Despite 40-plus years of trading and investing, it seems I learn something new every day. That’s why I love the business. No day is the same. Also, the market — essentially — tries to predict the future, so it’s always interesting to see if investors guess (as that’s what it usually is) rightly or wrongly.
But despite getting long in the tooth, every market cycle still reveals many things I just don’t really get. Whether it is this bubble or that bubble, investors’ inane focus on short-term results, or some other issue of the day, some of it leaves me shaking my head. Investing should not be that hard: Pick some great companies and wait 15 years. Let’s look at a few market head shakers these days.
There are more than 5,000 cryptocurrencies. Really? Last I looked, there were 3,000. How many can you name? How does one even give a name to so many? Heck, there are less than 250 countries in the world, and not all of them bother to even have their own currency. Sure, there are a few popular cryptos beyond Bitcoin and Dogecoin. But who is trading these fringe coins after the first, say, 1,000 different offerings? (Just kidding, we don’t know anyone trading beyond the big five). As a store of value, they leave much to be desired if a single billionaire’s tweet can crash the market. We are not sure why anyone is buying most of these.
Analyst coverage (or lack thereof)
How come some stocks get little or no analyst coverage? Yes, I understand analyst coverage on a company is often (always?) associated with the possibility of investment banking fees. That’s why some dopey $100-million market cap company might have 12 analysts following it, while one of the big companies you own gets almost no love from the Street. But, surely, at some point, performance, size and execution should matter — even just a bit.
Look at Icahn Enterprises LP, a US$150-billion company with a yield of 13 per cent and a year-to-date return of 15 per cent. The stock has doubled in the past decade, but the number of analysts who follow it? One. Or take Amerco, a US$11-billion company with a one-year return of 82 per cent (one analyst) or Enstar Group Ltd., a US$5-billion company with a one-year return of 75 per cent (no analysts). Investors forget that ignored companies can often be better investments, since they are more inefficiently priced.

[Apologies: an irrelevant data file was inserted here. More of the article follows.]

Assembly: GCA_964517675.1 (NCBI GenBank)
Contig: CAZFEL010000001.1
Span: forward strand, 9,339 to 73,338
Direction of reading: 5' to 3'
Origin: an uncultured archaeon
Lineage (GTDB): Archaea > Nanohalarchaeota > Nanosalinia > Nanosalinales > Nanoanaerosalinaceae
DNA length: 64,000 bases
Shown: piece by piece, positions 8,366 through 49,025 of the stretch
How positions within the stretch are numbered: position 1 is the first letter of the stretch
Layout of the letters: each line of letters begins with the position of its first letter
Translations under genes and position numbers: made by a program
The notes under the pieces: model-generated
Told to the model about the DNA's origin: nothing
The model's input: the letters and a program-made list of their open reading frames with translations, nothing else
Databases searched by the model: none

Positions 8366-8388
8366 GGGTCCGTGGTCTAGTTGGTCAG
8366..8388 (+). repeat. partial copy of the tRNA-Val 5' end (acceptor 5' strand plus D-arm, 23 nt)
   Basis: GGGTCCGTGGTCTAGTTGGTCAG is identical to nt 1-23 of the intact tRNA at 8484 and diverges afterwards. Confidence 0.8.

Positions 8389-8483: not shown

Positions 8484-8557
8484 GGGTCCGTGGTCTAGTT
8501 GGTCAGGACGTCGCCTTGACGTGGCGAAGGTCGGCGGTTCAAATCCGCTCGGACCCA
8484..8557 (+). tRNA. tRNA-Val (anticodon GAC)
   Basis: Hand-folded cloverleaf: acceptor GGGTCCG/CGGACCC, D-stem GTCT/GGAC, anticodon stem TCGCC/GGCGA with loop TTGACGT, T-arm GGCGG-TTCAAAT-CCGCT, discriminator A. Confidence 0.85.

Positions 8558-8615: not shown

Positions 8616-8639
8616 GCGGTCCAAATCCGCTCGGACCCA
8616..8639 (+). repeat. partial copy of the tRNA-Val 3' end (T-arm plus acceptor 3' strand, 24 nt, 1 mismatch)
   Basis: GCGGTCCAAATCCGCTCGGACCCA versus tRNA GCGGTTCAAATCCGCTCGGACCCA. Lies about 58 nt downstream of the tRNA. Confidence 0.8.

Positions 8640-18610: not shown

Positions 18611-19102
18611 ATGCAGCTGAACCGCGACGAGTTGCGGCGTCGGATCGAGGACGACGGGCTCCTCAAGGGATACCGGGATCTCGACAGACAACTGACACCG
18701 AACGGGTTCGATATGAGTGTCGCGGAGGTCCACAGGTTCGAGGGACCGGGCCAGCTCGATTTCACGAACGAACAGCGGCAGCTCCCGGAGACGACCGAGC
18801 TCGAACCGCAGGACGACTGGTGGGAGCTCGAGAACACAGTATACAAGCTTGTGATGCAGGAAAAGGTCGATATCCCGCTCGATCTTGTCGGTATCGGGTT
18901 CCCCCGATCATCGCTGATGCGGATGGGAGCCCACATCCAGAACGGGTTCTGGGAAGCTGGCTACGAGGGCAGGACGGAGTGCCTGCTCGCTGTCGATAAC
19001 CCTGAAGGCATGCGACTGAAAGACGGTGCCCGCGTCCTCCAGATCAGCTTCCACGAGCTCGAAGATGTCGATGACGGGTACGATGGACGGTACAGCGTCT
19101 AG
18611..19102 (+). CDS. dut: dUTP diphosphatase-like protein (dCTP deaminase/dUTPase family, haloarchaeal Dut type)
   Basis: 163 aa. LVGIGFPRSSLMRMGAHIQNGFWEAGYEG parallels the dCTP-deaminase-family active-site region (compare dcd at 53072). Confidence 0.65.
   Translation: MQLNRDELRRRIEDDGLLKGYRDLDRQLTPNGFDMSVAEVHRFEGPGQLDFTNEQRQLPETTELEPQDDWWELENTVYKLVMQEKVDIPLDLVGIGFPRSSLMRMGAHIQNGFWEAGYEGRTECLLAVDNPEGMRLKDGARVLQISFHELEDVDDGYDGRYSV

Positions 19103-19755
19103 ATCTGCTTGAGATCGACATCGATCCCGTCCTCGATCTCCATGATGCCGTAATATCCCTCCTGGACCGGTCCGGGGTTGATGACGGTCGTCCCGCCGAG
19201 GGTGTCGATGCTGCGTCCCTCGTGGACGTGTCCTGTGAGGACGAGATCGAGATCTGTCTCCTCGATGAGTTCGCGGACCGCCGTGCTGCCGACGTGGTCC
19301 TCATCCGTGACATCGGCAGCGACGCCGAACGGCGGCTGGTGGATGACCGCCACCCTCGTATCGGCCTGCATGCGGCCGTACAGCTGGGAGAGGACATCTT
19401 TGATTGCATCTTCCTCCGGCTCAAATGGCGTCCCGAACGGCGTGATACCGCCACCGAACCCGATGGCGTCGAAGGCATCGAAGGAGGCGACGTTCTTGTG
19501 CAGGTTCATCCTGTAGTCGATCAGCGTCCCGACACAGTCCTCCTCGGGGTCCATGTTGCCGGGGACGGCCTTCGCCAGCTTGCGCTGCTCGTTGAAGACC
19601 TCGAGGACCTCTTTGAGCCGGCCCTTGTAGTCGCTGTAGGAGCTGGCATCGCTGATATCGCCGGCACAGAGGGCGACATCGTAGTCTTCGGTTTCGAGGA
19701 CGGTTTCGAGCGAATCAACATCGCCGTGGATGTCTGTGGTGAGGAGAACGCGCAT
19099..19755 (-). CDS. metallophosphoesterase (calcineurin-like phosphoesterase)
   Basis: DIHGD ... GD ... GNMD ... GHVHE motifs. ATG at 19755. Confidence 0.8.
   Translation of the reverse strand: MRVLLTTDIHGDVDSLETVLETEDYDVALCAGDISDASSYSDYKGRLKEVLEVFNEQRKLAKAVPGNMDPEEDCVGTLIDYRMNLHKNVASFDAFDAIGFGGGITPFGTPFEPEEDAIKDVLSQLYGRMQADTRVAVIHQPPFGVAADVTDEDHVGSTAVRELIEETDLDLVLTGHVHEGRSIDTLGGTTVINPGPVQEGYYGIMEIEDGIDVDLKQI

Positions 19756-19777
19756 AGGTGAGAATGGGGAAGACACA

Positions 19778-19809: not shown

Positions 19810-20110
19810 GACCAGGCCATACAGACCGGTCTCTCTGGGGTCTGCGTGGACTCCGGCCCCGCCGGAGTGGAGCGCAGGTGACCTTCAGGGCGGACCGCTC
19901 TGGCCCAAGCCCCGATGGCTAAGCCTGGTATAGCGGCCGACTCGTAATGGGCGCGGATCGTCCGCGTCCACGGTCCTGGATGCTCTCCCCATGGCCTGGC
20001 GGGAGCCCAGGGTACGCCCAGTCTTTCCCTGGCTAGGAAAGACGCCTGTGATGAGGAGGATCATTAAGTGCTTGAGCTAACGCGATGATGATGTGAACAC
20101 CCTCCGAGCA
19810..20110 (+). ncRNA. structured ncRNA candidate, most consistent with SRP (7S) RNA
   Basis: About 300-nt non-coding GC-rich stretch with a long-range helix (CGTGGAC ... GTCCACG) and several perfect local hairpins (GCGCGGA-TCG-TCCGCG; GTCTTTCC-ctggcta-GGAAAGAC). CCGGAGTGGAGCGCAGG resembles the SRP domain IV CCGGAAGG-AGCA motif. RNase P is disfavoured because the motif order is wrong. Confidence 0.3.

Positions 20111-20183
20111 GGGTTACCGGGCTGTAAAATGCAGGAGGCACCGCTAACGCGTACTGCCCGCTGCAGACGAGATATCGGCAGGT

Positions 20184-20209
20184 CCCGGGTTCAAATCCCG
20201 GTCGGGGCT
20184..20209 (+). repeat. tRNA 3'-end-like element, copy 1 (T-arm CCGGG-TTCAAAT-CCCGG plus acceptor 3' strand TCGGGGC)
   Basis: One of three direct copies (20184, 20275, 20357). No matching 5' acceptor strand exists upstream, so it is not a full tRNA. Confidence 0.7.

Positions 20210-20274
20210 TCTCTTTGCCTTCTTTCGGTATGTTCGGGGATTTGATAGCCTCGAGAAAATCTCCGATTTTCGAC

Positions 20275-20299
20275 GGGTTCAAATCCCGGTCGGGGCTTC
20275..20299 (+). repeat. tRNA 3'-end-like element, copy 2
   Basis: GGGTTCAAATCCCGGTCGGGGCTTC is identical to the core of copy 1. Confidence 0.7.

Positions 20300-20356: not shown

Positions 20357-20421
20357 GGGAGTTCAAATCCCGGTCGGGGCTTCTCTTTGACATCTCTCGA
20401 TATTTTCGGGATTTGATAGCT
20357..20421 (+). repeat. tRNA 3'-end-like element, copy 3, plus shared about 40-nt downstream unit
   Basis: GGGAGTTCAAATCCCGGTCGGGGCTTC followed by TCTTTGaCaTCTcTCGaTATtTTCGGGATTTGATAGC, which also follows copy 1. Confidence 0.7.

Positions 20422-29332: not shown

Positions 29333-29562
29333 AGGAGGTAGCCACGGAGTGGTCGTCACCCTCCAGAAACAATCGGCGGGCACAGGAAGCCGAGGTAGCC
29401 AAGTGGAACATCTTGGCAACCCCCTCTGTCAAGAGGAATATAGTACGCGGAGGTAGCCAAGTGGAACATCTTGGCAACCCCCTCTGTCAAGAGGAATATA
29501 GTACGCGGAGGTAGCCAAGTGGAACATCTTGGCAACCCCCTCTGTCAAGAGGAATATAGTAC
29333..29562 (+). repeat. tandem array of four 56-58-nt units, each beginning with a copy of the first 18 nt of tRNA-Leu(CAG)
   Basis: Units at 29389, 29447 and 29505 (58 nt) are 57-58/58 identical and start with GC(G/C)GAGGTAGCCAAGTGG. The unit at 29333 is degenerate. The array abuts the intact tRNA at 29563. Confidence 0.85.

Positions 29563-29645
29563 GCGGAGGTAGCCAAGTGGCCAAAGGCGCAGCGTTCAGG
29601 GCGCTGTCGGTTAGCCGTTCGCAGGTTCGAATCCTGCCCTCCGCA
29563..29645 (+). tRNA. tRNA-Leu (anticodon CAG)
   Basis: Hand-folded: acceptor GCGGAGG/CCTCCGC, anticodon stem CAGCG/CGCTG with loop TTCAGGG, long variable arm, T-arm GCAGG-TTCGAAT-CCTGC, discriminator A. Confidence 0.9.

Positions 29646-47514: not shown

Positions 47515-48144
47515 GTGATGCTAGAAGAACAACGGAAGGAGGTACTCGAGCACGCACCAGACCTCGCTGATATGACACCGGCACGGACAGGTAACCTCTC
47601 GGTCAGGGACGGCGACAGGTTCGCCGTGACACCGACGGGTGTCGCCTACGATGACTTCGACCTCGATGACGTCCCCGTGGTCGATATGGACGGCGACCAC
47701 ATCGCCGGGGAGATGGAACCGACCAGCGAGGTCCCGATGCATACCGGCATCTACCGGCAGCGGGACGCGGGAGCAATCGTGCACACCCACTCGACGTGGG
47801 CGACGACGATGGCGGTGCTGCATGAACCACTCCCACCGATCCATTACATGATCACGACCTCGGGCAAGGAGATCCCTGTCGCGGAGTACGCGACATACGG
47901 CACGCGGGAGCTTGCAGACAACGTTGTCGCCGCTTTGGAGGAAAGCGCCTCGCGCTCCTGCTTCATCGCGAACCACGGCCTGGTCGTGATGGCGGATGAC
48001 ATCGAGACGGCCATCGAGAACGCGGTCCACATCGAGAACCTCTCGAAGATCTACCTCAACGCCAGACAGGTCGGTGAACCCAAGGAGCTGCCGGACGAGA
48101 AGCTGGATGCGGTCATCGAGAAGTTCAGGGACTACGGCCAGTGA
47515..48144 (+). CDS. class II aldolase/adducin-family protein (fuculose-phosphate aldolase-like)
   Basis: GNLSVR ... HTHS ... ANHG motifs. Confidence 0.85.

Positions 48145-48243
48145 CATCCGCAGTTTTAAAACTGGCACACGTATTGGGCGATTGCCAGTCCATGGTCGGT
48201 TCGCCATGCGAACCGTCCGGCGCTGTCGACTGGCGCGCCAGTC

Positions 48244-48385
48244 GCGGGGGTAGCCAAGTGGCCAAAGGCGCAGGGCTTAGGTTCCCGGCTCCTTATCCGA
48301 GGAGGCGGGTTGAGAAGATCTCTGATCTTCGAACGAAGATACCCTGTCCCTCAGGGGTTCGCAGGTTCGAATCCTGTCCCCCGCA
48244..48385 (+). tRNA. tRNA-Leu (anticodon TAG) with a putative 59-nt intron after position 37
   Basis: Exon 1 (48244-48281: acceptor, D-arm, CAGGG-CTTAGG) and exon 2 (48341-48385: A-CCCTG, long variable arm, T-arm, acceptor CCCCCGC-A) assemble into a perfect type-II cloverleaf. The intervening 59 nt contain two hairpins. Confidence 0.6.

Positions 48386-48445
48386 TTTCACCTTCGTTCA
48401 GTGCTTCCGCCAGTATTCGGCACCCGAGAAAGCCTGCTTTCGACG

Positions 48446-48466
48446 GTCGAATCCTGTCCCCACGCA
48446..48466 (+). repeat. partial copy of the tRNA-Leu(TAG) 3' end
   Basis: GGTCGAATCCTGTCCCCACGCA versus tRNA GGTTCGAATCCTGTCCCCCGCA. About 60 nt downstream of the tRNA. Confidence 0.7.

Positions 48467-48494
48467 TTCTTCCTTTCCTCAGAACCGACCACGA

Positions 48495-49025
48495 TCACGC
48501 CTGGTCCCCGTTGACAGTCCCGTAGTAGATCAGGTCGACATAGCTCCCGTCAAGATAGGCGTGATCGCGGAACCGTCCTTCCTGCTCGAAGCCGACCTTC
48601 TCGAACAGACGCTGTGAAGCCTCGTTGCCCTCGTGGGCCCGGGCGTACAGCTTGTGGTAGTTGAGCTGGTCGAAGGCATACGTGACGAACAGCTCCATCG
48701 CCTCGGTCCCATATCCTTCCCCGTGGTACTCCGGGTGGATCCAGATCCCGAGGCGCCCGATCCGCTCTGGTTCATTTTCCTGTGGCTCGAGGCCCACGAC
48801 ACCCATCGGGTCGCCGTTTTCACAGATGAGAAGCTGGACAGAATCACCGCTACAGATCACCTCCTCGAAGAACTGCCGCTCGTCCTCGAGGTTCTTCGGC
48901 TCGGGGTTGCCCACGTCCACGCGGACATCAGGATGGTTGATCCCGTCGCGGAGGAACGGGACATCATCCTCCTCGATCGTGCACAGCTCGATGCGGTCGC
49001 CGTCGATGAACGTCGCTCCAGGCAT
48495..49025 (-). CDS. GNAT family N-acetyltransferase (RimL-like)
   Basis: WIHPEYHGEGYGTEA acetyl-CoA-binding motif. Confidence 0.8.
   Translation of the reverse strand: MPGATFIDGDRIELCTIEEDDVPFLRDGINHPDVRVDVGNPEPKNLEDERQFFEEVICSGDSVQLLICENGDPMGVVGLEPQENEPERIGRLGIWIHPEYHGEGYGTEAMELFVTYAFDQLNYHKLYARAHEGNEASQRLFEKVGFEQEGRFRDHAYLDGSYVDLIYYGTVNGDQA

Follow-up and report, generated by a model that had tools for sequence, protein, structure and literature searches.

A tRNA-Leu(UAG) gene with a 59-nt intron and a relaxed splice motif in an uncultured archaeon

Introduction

Buying crazy stocks
Who really buys these things? I have been around long enough to know that a trader can make money on anything if it is priced right. But I always wonder about the thought process of investors who like to buy fringe companies or shares of companies that have already proven to be problematic. Companies such as Nikola Corp., which rolled a truck down a hill to impress the electric-vehicle crowd, or Luckin Coffee Inc., which reported fraudulent sales and filed for bankruptcy in February, yet still trades millions of shares each week.
Yes, Luckin Coffee is still operating, and the bankruptcy was largely a restructuring move, but how does that conversation go between a broker and an investor? “Yes, Mr. Client, we have bought shares in a small Chinese company that faked sales and filed for bankruptcy, but, don’t worry, we are going to make some money.” Or, “Yes, we know the truck was simply rolling down the hill. But fear not, they are going to get one to work for real one day.” With tens of thousands of stocks one can buy, why trade the risky stuff at all.
Fear of rising interest rates
Why did investors freak out so much about rising interest rates earlier this year? Yes, higher interest rates are not good for companies with debt or for the discounted value of future cash flows. But, as an economics graduate, I also know interest rates almost always rise in an economic recovery. Companies can still nicely grow and stocks can still rise in such an environment. Do investors not want companies to grow in a better economy? Sure, all the free government money has been nice. But wouldn’t it be better if companies earned real profits and grew quickly as the economy roars back?
I was at a cottage during the recent long weekend and found a Time Magazine from 1958. The pages were filled with doom and gloom, because, surprise, there was a big recession that year. If you had read the magazine back then, you would have probably wanted to sell everything. But looking back now, I bet you would have liked to have bought some stocks back then (you’d be loaded).
In a similar vein, I have recently wondered why inflation scares so many investors. It was not that long ago that everyone was worried about deflation . Of the two evils, trust me, an investor wants inflation over deflation. Deflation can be devastating. Inflation, on the other hand, can be (though not always) beneficial for many companies. Inflation reduces purchasing power, but asset inflation helps offset this impact if you are an investor. Worrying about inflation is understandable, but it does not have to be a portfolio killer if you have properly set up your investments (hint: own some metals and gold).
What makes you shake your head in the markets these days?
Peter Hodson, CFA, is founder and Head of Research at 5i Research Inc., an independent investment research network helping do-it-yourself investors reach their investment goals. Peter is also associate portfolio manager for the i2i Long/Short U.S. Equity Fund. ( 5i Research staff do not own Canadian stocks. i2i Long/Short Fund may own non-Canadian stocks mentioned).